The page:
North American Network Operators Group|
Date Prev | Date Next | Date Index | Thread Index | Author Index | Historical
Re: pretty cool paper re "myth of Internet growth numbers"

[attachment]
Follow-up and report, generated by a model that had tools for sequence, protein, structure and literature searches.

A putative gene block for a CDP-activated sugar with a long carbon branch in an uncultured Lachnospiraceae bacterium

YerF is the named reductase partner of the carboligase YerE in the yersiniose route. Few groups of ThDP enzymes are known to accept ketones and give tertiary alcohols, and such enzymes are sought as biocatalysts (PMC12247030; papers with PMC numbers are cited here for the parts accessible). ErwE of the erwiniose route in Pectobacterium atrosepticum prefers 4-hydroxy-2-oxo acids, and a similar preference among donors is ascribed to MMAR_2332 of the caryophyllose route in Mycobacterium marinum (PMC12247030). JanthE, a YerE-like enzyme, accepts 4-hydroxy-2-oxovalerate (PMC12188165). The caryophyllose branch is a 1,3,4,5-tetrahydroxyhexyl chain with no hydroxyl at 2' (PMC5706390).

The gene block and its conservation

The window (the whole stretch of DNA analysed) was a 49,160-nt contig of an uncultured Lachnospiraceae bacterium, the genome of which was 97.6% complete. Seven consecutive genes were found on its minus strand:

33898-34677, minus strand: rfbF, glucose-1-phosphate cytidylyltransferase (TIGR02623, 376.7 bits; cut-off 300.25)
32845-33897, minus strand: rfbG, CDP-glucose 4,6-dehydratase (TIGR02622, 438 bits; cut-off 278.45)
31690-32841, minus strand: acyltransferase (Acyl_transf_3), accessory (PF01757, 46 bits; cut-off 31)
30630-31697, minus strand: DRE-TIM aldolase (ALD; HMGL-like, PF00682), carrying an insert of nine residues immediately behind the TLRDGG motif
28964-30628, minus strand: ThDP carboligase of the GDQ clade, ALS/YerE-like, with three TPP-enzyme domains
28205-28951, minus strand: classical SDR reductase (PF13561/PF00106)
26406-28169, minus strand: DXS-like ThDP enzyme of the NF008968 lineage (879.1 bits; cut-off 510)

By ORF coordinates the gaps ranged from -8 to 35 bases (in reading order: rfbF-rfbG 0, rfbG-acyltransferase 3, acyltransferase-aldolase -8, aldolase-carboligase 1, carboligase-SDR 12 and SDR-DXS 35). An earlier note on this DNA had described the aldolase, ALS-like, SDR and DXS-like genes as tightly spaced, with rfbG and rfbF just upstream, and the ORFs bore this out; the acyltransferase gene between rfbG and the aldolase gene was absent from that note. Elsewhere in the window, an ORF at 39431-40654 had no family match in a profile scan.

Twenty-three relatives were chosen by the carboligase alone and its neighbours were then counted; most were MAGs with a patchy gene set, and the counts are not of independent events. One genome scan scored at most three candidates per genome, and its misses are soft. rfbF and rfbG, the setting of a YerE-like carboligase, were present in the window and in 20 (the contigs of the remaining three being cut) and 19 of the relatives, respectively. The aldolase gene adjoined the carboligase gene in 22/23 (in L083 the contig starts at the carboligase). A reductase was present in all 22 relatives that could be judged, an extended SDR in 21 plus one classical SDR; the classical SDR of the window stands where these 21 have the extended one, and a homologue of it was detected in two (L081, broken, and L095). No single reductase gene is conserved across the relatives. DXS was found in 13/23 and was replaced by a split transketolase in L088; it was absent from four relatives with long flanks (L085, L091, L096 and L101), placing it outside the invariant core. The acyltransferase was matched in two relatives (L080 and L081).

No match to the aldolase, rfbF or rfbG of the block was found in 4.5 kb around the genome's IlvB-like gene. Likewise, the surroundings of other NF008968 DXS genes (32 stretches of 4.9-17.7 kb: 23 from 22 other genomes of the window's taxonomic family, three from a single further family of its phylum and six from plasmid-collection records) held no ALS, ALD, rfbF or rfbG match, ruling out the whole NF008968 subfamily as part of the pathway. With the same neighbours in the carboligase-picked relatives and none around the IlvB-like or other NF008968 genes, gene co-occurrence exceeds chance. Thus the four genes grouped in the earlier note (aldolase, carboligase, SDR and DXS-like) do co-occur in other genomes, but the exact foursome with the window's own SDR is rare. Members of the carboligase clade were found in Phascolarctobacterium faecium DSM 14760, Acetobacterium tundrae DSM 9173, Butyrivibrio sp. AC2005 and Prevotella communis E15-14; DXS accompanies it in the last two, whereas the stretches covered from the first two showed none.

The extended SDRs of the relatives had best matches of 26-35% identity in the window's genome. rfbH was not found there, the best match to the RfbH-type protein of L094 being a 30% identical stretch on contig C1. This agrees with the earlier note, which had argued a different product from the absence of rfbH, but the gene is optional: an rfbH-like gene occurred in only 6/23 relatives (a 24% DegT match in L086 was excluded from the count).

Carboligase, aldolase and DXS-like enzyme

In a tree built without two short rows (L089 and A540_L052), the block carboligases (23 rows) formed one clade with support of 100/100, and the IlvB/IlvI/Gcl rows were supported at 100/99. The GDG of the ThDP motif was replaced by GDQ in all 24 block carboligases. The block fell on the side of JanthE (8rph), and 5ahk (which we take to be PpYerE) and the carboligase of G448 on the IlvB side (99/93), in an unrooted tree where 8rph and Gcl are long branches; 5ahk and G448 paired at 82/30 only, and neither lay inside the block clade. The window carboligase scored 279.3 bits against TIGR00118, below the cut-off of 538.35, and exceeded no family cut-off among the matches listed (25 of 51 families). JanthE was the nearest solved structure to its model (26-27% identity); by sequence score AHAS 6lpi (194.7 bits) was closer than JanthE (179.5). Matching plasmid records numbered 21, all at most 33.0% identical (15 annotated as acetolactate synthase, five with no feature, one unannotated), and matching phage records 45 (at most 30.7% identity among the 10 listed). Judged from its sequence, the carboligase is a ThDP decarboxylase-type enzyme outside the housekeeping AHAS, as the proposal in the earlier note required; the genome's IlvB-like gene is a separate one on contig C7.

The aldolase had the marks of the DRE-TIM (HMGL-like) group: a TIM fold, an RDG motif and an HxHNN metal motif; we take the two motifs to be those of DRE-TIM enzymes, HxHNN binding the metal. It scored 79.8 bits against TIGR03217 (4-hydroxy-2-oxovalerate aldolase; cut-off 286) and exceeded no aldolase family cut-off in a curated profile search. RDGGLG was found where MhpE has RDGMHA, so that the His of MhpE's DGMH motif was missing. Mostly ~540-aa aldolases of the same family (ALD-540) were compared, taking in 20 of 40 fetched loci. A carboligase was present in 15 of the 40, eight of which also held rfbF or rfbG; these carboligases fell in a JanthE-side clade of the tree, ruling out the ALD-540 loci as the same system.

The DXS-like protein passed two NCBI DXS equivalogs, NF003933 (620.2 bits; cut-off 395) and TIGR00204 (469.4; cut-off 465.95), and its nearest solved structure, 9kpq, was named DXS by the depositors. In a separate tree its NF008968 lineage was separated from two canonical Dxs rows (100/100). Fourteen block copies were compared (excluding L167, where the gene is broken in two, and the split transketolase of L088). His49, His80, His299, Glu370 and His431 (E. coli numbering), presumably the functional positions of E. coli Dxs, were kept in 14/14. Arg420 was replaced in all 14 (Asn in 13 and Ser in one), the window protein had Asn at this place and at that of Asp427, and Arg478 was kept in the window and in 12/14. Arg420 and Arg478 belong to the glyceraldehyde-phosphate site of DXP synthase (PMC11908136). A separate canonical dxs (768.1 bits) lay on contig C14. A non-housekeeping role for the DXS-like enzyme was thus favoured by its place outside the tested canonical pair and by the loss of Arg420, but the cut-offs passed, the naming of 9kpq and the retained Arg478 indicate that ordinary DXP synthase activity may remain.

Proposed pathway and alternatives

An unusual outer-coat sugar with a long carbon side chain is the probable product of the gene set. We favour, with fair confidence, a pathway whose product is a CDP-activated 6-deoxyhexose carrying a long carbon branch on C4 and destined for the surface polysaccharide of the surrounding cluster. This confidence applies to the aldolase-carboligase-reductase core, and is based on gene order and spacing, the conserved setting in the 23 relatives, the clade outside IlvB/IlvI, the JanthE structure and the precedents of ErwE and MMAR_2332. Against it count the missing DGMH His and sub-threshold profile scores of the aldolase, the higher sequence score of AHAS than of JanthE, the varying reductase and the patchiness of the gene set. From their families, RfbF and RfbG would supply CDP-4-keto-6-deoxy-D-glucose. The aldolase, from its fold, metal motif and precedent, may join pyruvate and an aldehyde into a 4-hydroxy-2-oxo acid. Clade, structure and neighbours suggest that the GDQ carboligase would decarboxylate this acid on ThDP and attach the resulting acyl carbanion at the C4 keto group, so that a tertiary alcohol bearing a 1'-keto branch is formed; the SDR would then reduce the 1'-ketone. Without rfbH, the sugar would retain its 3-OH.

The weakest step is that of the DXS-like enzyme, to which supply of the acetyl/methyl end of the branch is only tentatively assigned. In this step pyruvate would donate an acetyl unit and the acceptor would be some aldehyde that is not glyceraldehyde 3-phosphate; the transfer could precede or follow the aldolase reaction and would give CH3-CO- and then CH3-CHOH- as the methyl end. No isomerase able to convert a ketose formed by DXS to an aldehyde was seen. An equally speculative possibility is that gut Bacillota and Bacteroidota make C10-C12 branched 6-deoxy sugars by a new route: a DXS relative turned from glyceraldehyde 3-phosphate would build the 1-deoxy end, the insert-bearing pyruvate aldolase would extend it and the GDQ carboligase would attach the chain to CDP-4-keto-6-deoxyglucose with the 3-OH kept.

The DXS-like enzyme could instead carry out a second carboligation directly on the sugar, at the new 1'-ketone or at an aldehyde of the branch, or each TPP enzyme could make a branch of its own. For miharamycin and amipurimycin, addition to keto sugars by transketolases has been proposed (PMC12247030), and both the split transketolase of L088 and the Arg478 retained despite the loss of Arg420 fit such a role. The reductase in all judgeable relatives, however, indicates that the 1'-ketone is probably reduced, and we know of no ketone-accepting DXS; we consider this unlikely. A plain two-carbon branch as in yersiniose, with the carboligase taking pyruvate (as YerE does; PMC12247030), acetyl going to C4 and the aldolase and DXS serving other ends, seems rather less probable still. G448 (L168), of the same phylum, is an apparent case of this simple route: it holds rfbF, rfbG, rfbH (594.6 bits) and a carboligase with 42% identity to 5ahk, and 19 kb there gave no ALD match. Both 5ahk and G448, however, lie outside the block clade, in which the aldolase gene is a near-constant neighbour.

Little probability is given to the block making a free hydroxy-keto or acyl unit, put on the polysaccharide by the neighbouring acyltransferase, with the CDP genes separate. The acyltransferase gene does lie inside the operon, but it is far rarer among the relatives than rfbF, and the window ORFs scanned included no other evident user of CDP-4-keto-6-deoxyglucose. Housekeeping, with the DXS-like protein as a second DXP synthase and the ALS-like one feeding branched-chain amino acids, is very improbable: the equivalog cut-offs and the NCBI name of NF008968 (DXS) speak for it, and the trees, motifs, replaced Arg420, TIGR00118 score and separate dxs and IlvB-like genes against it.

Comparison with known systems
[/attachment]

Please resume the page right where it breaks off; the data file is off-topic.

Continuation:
On Sat, 02 December 2000, k claffy wrote: > [meta-operational content warning. > followup thread probably belongs on some other list] > > andrew odlyzko's latest > http://www.cisp.org/imp/november_2000/odlyzko/11_00odlyzko.htm http://www.research.att.com/~amo/doc/high.network.cost.txt I think Andrew has some apples and oranges mixed together in some of his papers. For example, he compares the utilitization of telephone trunk circuits (33% busy) with corporate LANs (3-4% busy). But ignores the typical corporate PBX, which sits idle most of the night and weekend. I suspect if you compared the corporate LAN with the corporate PBX, the utilitization rates would be similar. And in most companies, the availability of good measurements for intra-PBX calling and intra-LAN usage would be hard to find. Of course, that would open the whole can of worms of why do companies buy their own PBX's instead of using Centrex service from the phone company? I also expect if you compare similar points on the circuit hierarchy, similar utilizations would appear. Inter-POP circuits would be similar to Inter-CO trunks. Circuits between providers would be overloaded in the same way. And even inter-continental circuits would be similar between voice and data. But worst of all Andrew uses the *average* utilization, which is a poor way to measure utilization of data networks. Even utilization is a bit of a red herring because different absolute bandwidths. Networks (voice or data) are not designed using average utilization. Instead most designers use some type of peak utilization (95%, Mother's Day, etc). So what happens when a network gets near its peak utilization? With the voice network you get more busy signals. With the data network you get slower transfers. He also states the the traditional phone network continues to be more reliable than the Internet, which in my experience is an artifact of how the statistics are collected. If I called United Airlines' reservation number this year, I would think the telephone network reliability was pretty bad too. Instead the telephone network doesn't include end-to-end reachability in its reliability. But Internet measures such as Keynote do include end-to-end reachability.